Intraventricular hemorrhage: BMPs were shown to be upregulated in a model of intraventricular hemorrhage induced by intraperitoneal glycerol in rabbits. Inhibition of BMP signaling resulted in functional recovery following IVH. In this model, IVH was associated with hypomyelination and gliosis. Moreover, inhibition of BMP signaling following IVH using recombinant human noggin resulted in normalization of SMAD 1/5/8, rescue of OLs and myelin and recovery of motor function recovery (Dummula et al., 2011).

There are currently no studies examining BMP signaling in perinatal non-IVH intracranial hemorrhage or stroke, however BMP signaling has been studied extensively in adult stroke.

Intrauterine growth restriction: Recent studies have shown that a significant factor in the pathogenesis of the NDI seen with IUGR is white matter injury characterized by damage to OLs, impaired myelination and astrogliosis. Major consequences of IUGR due to uteroplacental insufficiency include chronic hypoxia and induction of oxidative stress, which has been shown to inhibit oligodendroglial differentiation. Elevated BMP4 has been demonstrated in a rat model of IUGR created by bilateral ligation of the uterine artery. Moreover, it has been demonstrated that OPCs cultured postnatally from this model retained increased BMP4 expression and impaired differentiation that was reversed with the BMP inhibitor noggin (Reid et al., 2012). Our laboratory utilizes a novel in vivo model of IUGR that mimics preeclampsia, the most common cause of uteroplacental insufficiency and IUGR in developed countries, using a thromboxane A2 analog (Fung et al., 2011). We are currently testing if oligodendroglial and white matter loss and motor deficits occur in this model and if BMP signaling is involved.

Blood-brain barrier (BBB) permeability and BMP signaling: Intriguingly, increased signaling through BMP receptors in OPCs after brain injury may be stimulated by non-BMP ligands and by blood-derived signals. Peterson et al. (2017) found that the blood-derived coagulation factor fibrinogen deposits in the brain following BBB disruption, activating the BMP signaling pathway in OPCs and suppressing remyelination. Fibrinogen activated the phosphorylation of Smad 1/5/8, altered the expression of BMP targets such as Id1, Id2, Hes1, Hey1 and Lef1 and promoted the differentiation of OPCs into astrocytes. The authors found that fibrinogen activation of BMP signaling required the activin A type receptor 1 (ACVR1) and could be blocked by 4-[6-(4-isopropoxyphenyl)pyrazolo [1,5-a]pyrimidin-3-yl]quinoline (DMH1) (an ACVR1 inhibitor) but not noggin. While the mechanism of activation of BMP signaling appears to differ from the one that directly involves BMP4 and noggin, it has similar effects on OPCs and white matter development, mainly inhibiting OL maturation and myelination. This finding may be particularly applicable in perinatal brain injury as BBB permeability is increased in both prematurity as well as with the injury and inflammation following perinatal brain injury.[13]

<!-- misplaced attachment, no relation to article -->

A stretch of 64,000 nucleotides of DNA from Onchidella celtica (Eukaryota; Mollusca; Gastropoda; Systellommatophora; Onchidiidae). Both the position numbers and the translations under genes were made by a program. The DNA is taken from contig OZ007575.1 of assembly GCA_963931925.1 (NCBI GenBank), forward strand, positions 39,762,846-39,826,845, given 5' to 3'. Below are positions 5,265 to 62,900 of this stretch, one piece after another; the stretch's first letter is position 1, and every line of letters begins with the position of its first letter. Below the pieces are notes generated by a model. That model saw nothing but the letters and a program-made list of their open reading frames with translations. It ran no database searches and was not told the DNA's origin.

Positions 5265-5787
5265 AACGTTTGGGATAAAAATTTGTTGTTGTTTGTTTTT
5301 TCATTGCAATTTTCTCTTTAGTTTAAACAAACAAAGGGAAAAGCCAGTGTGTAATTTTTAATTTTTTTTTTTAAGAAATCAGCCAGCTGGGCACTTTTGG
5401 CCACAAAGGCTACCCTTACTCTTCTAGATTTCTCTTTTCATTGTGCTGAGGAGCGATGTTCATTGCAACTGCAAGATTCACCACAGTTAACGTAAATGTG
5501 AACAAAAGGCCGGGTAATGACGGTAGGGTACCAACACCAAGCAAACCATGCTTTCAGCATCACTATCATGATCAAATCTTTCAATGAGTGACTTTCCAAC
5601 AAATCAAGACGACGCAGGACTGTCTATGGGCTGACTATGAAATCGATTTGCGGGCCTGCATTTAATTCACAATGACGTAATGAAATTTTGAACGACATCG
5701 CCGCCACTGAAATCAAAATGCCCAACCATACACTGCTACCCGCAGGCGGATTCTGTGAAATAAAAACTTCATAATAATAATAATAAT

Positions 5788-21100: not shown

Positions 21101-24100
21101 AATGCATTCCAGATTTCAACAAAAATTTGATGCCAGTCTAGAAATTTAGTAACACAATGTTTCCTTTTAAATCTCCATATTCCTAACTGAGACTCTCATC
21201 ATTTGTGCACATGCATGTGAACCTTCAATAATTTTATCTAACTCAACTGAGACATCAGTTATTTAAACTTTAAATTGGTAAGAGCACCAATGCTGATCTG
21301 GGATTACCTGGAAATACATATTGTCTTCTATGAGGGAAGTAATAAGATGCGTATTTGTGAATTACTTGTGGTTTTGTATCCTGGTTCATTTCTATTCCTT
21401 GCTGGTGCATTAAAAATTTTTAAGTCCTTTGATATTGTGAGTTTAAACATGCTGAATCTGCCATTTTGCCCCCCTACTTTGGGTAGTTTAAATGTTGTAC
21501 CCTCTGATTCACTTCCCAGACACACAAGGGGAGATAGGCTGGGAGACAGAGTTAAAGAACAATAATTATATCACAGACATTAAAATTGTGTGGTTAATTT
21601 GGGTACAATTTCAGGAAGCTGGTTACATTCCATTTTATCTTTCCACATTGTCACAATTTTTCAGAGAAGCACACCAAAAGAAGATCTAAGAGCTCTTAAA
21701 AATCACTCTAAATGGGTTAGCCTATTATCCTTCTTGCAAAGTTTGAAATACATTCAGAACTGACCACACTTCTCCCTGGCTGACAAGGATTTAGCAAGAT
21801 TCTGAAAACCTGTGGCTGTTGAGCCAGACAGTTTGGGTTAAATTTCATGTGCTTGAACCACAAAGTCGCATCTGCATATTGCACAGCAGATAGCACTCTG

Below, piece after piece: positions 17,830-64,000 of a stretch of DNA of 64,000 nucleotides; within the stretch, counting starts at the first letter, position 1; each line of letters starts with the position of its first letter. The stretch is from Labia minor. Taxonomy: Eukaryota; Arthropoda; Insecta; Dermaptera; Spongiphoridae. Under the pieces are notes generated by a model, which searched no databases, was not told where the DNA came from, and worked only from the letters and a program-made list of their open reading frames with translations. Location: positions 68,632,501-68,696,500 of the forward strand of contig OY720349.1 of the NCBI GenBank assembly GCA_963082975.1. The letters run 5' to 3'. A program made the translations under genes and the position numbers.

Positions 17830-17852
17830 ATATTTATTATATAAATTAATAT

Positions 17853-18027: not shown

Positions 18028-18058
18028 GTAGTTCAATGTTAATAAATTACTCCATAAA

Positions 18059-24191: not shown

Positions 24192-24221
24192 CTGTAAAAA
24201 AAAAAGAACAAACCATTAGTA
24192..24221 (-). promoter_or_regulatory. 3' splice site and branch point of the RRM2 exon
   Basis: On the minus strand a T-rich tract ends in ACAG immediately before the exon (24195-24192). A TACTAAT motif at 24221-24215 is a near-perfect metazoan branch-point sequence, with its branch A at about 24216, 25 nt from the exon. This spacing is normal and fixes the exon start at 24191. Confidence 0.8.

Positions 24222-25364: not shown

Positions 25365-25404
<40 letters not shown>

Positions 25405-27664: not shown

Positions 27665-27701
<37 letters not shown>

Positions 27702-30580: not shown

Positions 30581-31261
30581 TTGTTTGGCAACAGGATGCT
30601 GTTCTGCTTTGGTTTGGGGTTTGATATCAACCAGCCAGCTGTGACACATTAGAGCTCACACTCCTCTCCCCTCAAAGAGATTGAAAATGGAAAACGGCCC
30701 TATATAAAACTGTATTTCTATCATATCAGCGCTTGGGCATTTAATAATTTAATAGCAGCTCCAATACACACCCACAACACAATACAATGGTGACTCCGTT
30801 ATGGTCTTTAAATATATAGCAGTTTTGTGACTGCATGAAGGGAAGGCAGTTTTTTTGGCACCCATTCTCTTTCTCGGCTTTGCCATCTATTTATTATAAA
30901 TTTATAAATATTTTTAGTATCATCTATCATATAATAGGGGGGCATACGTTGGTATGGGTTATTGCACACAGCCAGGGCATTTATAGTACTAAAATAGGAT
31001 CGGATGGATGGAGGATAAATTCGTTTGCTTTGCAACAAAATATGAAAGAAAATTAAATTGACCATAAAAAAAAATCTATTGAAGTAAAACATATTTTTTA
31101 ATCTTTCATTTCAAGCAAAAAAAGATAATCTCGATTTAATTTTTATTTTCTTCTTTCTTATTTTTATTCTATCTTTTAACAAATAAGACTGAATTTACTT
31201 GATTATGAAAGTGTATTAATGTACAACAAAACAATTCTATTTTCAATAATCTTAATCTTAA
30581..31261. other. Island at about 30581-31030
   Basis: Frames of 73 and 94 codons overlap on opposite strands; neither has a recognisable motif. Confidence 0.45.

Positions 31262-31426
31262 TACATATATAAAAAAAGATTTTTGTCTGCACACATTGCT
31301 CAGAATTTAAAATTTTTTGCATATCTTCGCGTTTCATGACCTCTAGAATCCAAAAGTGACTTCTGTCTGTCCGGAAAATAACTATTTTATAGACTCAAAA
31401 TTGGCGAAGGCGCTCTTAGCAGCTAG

In conclusion, data from our lab and others strongly suggest that downregulation of BMP signaling demonstrates promise as a strategy to ameliorate NDI from several types of perinatal brain injury. The strength of this strategy lies in its ability to address protection at multiple points in the pathway and at multiple stages of oligodendroglial differentiation [Figure 1].
Figure 1: Activation of bone morphogenetic protein (BMP) signaling in perinatal brain injury.
Generalized scheme for activation of BMP signaling in neural cells. Brain injury can result in increased expression of BMP ligands (left) and/or disruption of the blood brain barrier (right). This activates signaling through either BMP receptors or activin A type receptor 1 (ACVR1) to increase phosphorylation of SMAD 1/5/8. Noggin/chordin can inhibit signaling through BMP receptors but not ACVR1. Signaling through ACVR1 can be inhibited by 4-[6-(4-isopropoxyphenyl)pyrazolo [1,5-a]pyrimidin-3-yl]quinoline (DMH1). Increased phospho-SMAD 1/5/8 results in increased activation of BMP response genes and alters oligodendroglial differentiation.


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Dettman RW, Birch D, Fernando A, Kessler JA, Dizon MLV (2018) Targeted knockdown of bone morphogenetic protein signaling within neural progenitors protects the brain and improves motor function following postnatal hypoxia-ischemia. Dev Neurosci 40:23-38.  Back to cited text no. 1